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Miami’s Gehry Concert Hall Gets Bedouin Curves, Glorious Sound
It contrasts with the otherwise sober glass and white- plaster box of this concert hall and orchestral academy. On 17th Street, it’s just north of the lively Lincoln Road and steps from zigzag Art Deco beach hotels.
The new home of the 23-year-old symphony was opened with a series of concerts last week conducted by founder and artistic director Michael Tilson Thomas. The symphony is made up of musicians who are polishing their skills on three-year fellowships.
If you accept the canopy’s invitation to enter, you’ll find a light-dappled space with a corkscrewing stairway in what looks like a geological formation of white-painted tilted planes and winsome curves that rises six stories to a skylight.
The irregular shapes line halls congenially wandering like medieval streets. They enclose the academy’s practice rooms and rehearsal spaces.
Hidden inside is a concert-hall gem. The stage is big enough for a major symphony hall, accommodating more than 100 musicians, but the audience area seats a mere 756. Overlapping curved panels hang from the ceiling to form a Cubist bedouin tent.
Gehry and partner Craig Webb have surrounded the broad stage in steeply raked asymmetric tiers of seats, so you sit very close to the players. When Tilson Thomas surged through the overture to Richard Wagner’s “Flying Dutchman,” my ears flattened.
Swoops, Scoops, Warps
The architects carved their customary swoops, scoops and warped surfaces in service to the sound, with today’s go-to acoustician, Yasuhisa Toyota, of Tokyo-based Nagata Acoustics. The result is a clarity and immediacy found only in the best seats of standard concert halls typically three times the size.
I loved the balance and crisp if not burnished sound of a rear center seat. In a side seat, so close I could almost follow the cellist’s music, I felt excitingly immersed.
“Polaris: A Voyage for Orchestra,” a commissioned piece by Thomas Ades, showed off the hall’s innovative theatrical possibilities. Gehry built four small platforms amid the seats (one dangling overhead) where spotlit horn players handed passages to each other. Five of the draping acoustical panels became curving screens for a film by Tal Rosner that echoed Ades’s sea-voyage theme.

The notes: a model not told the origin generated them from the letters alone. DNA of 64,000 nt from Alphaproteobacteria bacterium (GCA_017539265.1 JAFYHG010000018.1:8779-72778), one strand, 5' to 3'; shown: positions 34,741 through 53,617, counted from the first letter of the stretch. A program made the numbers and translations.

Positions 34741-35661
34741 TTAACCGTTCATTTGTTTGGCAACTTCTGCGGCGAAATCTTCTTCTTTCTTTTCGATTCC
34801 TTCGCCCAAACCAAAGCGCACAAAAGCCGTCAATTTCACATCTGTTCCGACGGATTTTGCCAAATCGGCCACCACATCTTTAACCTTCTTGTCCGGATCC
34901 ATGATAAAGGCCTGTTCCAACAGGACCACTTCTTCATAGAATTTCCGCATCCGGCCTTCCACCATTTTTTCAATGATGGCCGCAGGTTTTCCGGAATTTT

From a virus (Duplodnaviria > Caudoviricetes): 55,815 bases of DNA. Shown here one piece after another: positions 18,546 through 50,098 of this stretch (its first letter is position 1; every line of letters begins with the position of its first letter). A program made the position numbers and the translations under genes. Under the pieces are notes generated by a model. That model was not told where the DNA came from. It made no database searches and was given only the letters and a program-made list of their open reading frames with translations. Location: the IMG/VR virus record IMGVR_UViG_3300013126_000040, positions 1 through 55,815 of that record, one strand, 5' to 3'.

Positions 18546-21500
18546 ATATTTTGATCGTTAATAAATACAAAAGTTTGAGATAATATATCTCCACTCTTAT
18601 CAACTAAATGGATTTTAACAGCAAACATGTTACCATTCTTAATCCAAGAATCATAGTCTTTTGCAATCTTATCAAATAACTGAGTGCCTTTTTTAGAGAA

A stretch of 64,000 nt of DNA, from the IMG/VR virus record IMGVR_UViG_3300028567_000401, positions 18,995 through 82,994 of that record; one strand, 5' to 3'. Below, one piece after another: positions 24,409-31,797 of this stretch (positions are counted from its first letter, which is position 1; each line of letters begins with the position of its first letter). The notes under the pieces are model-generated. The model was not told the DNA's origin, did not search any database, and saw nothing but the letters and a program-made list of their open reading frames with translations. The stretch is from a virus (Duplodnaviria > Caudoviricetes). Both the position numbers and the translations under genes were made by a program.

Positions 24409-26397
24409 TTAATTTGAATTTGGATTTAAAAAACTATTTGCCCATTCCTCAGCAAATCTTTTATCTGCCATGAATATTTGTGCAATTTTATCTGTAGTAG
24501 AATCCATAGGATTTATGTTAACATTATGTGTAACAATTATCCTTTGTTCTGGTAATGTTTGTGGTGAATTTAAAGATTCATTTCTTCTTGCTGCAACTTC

At the end, ovations brought Tilson Thomas back on stage for half a dozen bows. In post-concert chatter from bejeweled matrons and sober-suited men alike, the enthusiasm was not just for the artistry, but for the symphony’s ambition to invite audiences in new ways -- an urgent problem in classical music.
“We’ll do traditional programming, but on other evenings we’ll open the place up, like Saturday-night gallery walks do,” said Tilson Thomas before the opening concert. “We’ll offer shorter, smaller-format experiences.”
The New World will project simulcasts of its concerts on an outside wall of the building, free for audiences lounging in a $13 million park the city built in front. (Sad to say, Dutch landscape architect West 8 ruined a great idea by planting the park with giant faux Gehry ice cream cones in tubular metal.)
The hall has 14 configurations and 247 seats can retract to create a flat floor for a cabaret or to mix musicians and audiences.
“Young players today have a much greater desire to build their own artistic platforms, to make their own statements,” Tilson Thomas said.
In the New World Symphony, they have an extraordinary opportunity to invent classical music’s future.
(James S. Russell writes on architecture for Muse, the arts and culture section of Bloomberg News. The opinions expressed are his own.)
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